Brain abnormalities in antisocial individuals: implications for the law

Department of Psychology, University of Southern California, Los Angeles, CA 90089-1061, USA.
Behavioral Sciences & the Law (Impact Factor: 0.96). 01/2008; 26(1):65-83. DOI: 10.1002/bsl.788
Source: PubMed

ABSTRACT With the increasing popularity in the use of brain imaging on antisocial individuals, an increasing number of brain imaging studies have revealed structural and functional impairments in antisocial, psychopathic, and violent individuals. This review summarizes key findings from brain imaging studies on antisocial/aggressive behavior. Key regions commonly found to be impaired in antisocial populations include the prefrontal cortex (particularly orbitofrontal and dorsolateral prefrontal cortex), superior temporal gyrus, amygdala-hippocampal complex, and anterior cingulate cortex. Key functions of these regions are reviewed to provide a better understanding on how deficits in these regions may predispose to antisocial behavior. Objections to the use of imaging findings in a legal context are outlined, and alternative perspectives raised. It is argued that brain dysfunction is a risk factor for antisocial behavior and that it is likely that imaging will play an increasing (albeit limited) role in legal decision-making.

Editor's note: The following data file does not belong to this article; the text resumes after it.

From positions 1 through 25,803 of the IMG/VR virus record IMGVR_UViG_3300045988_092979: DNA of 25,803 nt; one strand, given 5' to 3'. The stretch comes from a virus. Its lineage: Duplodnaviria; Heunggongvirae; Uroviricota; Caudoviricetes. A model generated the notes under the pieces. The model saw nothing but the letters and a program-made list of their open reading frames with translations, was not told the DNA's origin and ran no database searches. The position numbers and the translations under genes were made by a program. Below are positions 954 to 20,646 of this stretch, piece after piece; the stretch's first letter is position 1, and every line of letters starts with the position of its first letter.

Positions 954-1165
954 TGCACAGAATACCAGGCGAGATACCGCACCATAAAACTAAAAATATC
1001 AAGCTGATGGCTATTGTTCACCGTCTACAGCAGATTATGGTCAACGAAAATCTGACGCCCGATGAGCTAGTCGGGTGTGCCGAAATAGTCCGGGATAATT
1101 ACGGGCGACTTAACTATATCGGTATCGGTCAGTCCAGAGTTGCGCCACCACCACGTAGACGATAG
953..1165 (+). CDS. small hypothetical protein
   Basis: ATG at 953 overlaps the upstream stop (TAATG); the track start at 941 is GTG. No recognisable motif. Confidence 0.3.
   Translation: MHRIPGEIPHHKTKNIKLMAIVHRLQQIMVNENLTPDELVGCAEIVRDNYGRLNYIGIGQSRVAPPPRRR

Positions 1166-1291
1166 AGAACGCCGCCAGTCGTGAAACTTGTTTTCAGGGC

Available from: Andrea L Glenn, Nov 28, 2014
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